HTC now trades at a lower valuation than most of its peers. The price-sales ratio of 0.68 compares with a median multiple of 1.94 for communications equipment makers valued at more than $1 billion, according to data compiled by Bloomberg.
A buyout or sale would “certainly make a lot of sense for investors,” Roger Entner, an analyst at Dedham, Massachusetts-based Recon Analytics LLC, said in a phone interview. It may be their best hope of maximizing value, he said.
While HTC’s products are still well-regarded, they have been under-marketed, and that’s put the company at a disadvantage, Entner said.
Positive reviews for last year’s HTC One smartphone, predecessor to the well-received One M8 released in March, didn’t translate into higher sales because “we didn’t communicate that well” in advertising, Wang said in the interview.
HTC’s spending on marketing in the U.S. was $76 million last year, compared with Samsung’s $363 million and Apple’s $351 million, according to data from Kantar Media.
Increasing spending to promote its phones could lead to further net losses at HTC and more wrath from shareholders, should it remain public. While HTC released mid-priced phones in China last month and plans to introduce a broader lineup, it won’t use existing cash to boost marketing and risk posting further losses, Chief Financial Officer Chang Chialin said in an interview in March.
A private HTC would be able to use its cash without the scrutiny of public shareholders. The company also has no debt.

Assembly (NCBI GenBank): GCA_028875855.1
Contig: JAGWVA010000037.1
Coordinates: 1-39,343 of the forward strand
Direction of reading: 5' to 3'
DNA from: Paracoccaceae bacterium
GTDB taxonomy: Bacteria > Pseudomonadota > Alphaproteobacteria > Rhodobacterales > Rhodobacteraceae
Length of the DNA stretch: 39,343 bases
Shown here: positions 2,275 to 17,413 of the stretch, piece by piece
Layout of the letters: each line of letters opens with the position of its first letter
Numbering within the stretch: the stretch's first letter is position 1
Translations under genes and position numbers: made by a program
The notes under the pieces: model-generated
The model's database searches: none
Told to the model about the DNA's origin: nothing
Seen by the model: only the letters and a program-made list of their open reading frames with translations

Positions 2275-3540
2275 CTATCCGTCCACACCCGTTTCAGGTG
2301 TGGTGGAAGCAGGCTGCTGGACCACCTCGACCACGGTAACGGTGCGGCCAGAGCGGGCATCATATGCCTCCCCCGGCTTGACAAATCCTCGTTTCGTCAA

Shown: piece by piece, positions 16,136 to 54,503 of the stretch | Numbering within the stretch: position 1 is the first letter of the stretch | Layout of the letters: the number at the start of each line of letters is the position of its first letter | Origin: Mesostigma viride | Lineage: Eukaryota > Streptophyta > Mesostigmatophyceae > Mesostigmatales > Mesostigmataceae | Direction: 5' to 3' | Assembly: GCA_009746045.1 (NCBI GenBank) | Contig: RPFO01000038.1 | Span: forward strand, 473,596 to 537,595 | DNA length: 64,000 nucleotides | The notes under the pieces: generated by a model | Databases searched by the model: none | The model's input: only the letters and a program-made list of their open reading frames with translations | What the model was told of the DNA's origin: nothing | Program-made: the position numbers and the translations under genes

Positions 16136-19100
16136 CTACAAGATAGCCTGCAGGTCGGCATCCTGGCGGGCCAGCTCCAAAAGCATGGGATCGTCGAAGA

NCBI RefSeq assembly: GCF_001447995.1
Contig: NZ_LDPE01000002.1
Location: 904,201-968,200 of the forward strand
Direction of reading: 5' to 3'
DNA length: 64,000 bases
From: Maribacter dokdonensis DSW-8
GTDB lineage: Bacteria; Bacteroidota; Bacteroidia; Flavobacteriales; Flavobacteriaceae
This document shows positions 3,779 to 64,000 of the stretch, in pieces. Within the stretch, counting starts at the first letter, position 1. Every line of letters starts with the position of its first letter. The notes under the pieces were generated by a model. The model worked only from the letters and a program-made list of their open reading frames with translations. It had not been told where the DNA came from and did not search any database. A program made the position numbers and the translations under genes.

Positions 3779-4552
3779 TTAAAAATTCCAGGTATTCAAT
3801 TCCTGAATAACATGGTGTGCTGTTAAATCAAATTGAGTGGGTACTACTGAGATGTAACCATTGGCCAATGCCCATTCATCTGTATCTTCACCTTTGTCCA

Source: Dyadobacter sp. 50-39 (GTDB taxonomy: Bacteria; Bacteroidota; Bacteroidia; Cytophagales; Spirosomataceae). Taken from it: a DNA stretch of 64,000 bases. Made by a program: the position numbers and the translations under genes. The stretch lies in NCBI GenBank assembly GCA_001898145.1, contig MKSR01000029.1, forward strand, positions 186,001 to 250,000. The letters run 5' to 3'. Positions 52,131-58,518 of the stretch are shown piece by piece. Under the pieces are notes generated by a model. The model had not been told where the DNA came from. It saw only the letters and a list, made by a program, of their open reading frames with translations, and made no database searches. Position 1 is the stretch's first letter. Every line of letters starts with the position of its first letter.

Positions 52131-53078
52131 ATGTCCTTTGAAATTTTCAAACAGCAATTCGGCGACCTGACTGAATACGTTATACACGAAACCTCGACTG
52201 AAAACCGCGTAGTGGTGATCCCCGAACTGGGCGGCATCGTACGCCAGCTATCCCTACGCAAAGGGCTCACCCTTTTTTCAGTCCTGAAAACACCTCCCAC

A buyout also could allow HTC to push into strategies that probably won’t have an immediate payoff, such as developing lower-end handsets, said Birdy Lu, a Taipei-based analyst at Deutsche Bank.
HTC could do “something that could be negative short term but positive long term,” Lu said. “They need to be very aggressive in low-end phones. They have low-end phones but they’re not cheap enough.”
A move into that portion of the market would mean smaller profit margins and sustained losses until the company was able to sell enough volume to turn profitable, Lu said.
HTC could also adjust its business model toward outsourcing low-end production and using its technology and experience to make high-end devices for clients such as Google Inc. (GOOG:US), said Chan of Yuanta Financial.
A possible challenge for a buyout would be dealing with shares and stock options already issued to employees to supplement salaries, Chan and Lu said.
The options “would become very illiquid if they delist,” Chan said. A private buyer may need to raise pay or restructure compensation to address this issue, he said.
As a private company, HTC won’t necessarily have an easier time competing against bigger rivals such as Apple and Samsung that have more marketing firepower, said Charles Golvin, an independent wireless analyst in Los Angeles.
“The real challenges are resources,” Golvin said.
A management buyout could be a financial risk for Wang, given the company’s challenges, Recon’s Entner said.
Even so, the potential reward may be worth it.
“It’s either a life or death scenario for a private investor,” said Deutsche Bank’s Lu. If a buyout paves the way for “an aggressive marketing campaign that works out, they probably could triple their profit or more, but if it doesn’t work then they’d burn out their cash.”